A member of the state Wildland Fire Advisory Committee, DeTro said the group has “talked about having someone in rural fire departments who is trained to make good solid decisions on aerial support, so if he says, ‘I want a bucket,’ it’s not going to fall back on his department.”
Wayne Walker of Lifeline Ambulance said state and federal agencies need to do a better job of coordinating with private, local firefighting services to prepare for fast response when wildfire risk is high.
“There’s no coordinated effort when fire severity is 99 percent, to work with private vendors and stage them. I don’t see DNR and the Forest Service partnering with private vendors,” he said.
Harris said DNR does contract with local firefighting vendors during high fire risk periods. “We call it pre-positioning. During red flag periods they are ready to roll.” But, he noted, “it costs a lot of money to put them on standby.”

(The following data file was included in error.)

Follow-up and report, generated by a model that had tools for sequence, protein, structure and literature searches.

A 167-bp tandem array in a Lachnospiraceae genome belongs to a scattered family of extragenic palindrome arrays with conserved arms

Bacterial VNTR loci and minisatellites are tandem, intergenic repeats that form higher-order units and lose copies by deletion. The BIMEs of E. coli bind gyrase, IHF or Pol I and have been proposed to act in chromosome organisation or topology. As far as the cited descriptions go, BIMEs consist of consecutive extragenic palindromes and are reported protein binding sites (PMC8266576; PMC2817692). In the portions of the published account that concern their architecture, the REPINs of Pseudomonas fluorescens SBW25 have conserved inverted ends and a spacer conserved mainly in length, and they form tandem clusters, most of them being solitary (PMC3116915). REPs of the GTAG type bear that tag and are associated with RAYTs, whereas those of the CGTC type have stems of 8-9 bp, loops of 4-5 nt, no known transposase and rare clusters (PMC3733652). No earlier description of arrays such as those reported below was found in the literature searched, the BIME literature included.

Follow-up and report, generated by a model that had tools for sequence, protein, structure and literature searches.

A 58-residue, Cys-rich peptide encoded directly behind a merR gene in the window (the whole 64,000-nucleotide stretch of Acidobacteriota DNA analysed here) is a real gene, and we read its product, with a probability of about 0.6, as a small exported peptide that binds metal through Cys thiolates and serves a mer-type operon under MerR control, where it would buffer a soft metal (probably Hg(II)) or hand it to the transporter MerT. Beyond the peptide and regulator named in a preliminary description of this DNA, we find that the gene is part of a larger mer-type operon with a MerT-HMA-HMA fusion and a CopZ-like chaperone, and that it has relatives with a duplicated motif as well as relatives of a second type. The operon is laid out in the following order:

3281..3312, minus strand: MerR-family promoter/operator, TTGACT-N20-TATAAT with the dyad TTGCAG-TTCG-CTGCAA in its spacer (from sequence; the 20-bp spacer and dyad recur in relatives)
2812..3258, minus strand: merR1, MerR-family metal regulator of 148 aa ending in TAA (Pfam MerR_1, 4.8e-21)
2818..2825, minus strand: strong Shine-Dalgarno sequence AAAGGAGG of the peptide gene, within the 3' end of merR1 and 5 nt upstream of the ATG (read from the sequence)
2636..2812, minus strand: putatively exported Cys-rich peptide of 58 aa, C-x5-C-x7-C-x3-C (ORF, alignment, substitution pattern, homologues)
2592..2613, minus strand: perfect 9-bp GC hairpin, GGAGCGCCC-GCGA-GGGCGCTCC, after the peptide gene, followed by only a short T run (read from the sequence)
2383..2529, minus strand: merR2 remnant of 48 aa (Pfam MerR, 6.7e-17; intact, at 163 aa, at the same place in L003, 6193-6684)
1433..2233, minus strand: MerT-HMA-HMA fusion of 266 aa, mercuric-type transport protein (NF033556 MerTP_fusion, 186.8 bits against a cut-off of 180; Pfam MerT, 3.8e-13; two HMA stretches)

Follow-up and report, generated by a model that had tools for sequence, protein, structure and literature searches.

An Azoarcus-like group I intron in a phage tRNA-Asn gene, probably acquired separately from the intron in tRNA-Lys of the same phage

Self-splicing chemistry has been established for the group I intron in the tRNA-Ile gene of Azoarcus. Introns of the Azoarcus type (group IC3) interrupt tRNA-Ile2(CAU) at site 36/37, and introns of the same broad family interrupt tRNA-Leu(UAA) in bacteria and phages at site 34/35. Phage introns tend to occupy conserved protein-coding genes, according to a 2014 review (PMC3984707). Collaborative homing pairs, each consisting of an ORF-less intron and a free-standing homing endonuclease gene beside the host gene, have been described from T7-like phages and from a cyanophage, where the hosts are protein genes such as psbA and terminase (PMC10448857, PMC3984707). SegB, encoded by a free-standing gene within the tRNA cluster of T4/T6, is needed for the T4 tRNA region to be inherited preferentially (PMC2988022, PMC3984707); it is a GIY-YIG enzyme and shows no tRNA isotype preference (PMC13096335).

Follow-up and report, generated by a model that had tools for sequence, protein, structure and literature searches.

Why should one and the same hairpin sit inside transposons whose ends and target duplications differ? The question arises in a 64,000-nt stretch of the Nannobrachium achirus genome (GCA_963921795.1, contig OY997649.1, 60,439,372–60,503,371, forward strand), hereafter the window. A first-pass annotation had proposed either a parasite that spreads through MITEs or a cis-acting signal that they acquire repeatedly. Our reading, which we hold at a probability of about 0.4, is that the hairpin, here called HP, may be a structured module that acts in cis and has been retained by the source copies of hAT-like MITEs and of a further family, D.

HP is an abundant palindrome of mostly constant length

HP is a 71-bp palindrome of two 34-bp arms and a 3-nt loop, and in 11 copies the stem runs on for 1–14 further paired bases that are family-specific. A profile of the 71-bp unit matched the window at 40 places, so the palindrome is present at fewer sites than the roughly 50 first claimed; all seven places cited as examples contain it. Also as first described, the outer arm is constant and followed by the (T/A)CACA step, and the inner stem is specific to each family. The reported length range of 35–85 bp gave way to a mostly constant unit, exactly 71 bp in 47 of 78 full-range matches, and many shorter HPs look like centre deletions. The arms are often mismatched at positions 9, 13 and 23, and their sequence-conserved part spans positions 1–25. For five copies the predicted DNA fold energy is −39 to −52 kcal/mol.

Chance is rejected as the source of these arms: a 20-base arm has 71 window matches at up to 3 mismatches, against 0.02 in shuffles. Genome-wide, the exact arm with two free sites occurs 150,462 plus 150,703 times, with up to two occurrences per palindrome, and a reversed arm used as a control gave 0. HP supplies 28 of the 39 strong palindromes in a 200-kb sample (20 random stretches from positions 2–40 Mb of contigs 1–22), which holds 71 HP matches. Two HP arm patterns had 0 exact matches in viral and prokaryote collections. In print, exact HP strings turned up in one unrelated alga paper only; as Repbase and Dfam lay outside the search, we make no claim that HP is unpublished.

Walker said effective response to wildfires is also hampered by an “antiquated” federal system of ordering resources that requires the Forest Service to utilize contracted firefighting services even though other resources may be more readily available.
“On initial attack we can go with local resources,” said Mike Liu, Methow Valley district ranger. “On extended events we are required to use contract resources.”
Sometimes that means “waiting for contract resources to come from out of state,” said Mary Verner of DNR.
Fire crews arriving from other parts of the country may not be prepared for the conditions they encounter, according to Chris McCuen of Colville tribal emergency management.
During the Okanogan Complex Fire last summer, “we had crews from California and their eyes were the size of dinner plates,” he said.
He also criticized lack of coordination among incident management teams that are sent from around the country to manage wildfires.
“Last year we had two different management teams … fighting [fire] back-to-back and weren’t talking to each other. To see that lack of coordination really bothered me,” McCuen said.
State, federal and tribal representatives said they are working to resolve jurisdictional issues that can hamper effective response to wildfires.